My hon. Friend raises an important point. I know that she campaigns tirelessly on this issue. I am more than happy to arrange a meeting with my noble Friend Lord Bellamy, who leads on this issue, to update her and the noble Baroness Deech—

To reduce reoffending we need a strong, locally focused and stand-alone probation service—similar to how things were before privatisation—so why are the Government moving in the opposite direction with their One HMPPS programme, which has triggered a formal dispute with the probation unions because it subsumes probation still further into prisons?

I am grateful to the hon. Gentleman for his question; it is nice to answer questions from him again, as I did when he was shadow Secretary of State.

The One HMPPS programme is about different parts of the system working well together to create a system that delivers the outcomes that society wants to see. I take the opportunity, prompted by the hon. Gentleman, to pay tribute to all the staff in the probation service. I had the pleasure of visiting some of them in Southwark recently, and I pay tribute to all the work they are doing.

In a perfect world, the victims of the Horizon IT scandal would have their cases individually assessed by the Criminal Cases Review Commission and the Court of Appeal, but we are not in a perfect world. The scale of the miscarriage of justice is enormous, and there are hundreds of victims who understandably do not want to come forward because they have lost faith in the process. Will my right hon. and learned Friend the Lord Chancellor now consider the exceptional and unique step of legislating to quash the convictions?

I am grateful to my right hon. and learned Friend, who speaks with such authority. The circumstances are truly exceptional. When I was a Back Bencher, I went on the record as saying that Horizon is the most serious miscarriage of justice since the Guildford Four or the Birmingham Six. But the clue is that there were four in the Guildford case and six in the Birmingham case; we are talking about hundreds of people. The situation is truly exceptional and unprecedented, and it will need an appropriate resolution.

Under the Illegal Migration Act 2023, victims of human trafficking who arrived in the UK via irregular routes would not have legal recourse to receive support under modern slavery provisions. Are Ministers comfortable with that? They do not look like monsters, so I assume not. If they are not, what will they do about it?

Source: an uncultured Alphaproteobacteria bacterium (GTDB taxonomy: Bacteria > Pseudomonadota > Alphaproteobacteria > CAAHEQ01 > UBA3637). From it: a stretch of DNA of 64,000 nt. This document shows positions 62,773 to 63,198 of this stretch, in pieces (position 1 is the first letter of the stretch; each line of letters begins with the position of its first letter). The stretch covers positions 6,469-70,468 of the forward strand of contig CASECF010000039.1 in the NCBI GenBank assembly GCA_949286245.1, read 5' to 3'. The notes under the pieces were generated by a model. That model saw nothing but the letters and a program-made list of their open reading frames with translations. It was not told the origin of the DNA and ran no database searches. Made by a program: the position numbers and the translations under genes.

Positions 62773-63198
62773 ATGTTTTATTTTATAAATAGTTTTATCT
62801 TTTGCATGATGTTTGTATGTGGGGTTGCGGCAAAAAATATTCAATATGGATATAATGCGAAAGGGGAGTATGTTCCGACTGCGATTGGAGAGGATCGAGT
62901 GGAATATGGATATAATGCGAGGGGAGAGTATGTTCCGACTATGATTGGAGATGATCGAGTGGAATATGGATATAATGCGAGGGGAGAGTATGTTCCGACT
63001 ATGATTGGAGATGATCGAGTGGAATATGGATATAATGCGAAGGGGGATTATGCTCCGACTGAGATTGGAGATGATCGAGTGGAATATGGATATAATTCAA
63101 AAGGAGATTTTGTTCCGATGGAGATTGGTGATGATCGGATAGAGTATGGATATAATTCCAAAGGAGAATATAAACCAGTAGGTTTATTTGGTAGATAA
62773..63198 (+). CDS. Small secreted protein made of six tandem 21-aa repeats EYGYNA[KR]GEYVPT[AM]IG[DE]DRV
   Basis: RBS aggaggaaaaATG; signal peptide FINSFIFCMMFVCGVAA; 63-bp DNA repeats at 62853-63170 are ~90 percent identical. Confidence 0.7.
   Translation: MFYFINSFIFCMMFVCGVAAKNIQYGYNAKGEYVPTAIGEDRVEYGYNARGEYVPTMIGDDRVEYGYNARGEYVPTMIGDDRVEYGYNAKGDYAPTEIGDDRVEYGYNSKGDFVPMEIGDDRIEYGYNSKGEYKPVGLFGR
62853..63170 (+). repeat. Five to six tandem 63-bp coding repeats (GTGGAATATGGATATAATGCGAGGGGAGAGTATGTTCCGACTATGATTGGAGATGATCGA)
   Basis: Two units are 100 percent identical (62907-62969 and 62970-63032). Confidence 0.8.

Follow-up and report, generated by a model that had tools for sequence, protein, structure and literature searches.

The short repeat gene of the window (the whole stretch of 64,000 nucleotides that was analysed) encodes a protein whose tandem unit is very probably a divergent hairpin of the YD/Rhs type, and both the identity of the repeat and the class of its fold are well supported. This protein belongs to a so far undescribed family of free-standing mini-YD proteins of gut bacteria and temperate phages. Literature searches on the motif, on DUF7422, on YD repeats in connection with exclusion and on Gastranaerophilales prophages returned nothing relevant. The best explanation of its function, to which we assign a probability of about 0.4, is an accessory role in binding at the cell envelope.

I will have to write to the hon. Gentleman and check exactly what the provisions are for legal aid under the Illegal Migration Act. I am more than happy to provide him with the details and meet him if necessary.

Precisely because legislating to overturn convictions would be so unprecedented, will my right hon. and learned Friend the Lord Chancellor make sure that before such a step is taken, he is satisfied from conversations with the senior judiciary that the means of triaging and consolidating appeals that currently exist may not be capable of delivering justice within an acceptable timeframe?

That is precisely the point, and my hon. Friend has put his finger on it. Of course, we would not want to stray into the normal lane of the judiciary; we have huge respect for our independent judiciary, who do an exceptionally good job of ensuring that there is fairness on the facts before them. As I have said, the case is wholly unprecedented, and we will want to have exhausted all alternatives before taking radical action.

Spending on housing legal aid has fallen by more than half in the past decade, from £44 million to £20 million. Is this a proper response to growing insecurity, overcrowding and poor conditions in the housing market, or might it be a contributing factor?

I have to say to the hon. Gentleman that just last year we invested an extra £10 million in housing legal aid, so I think we are addressing the issue.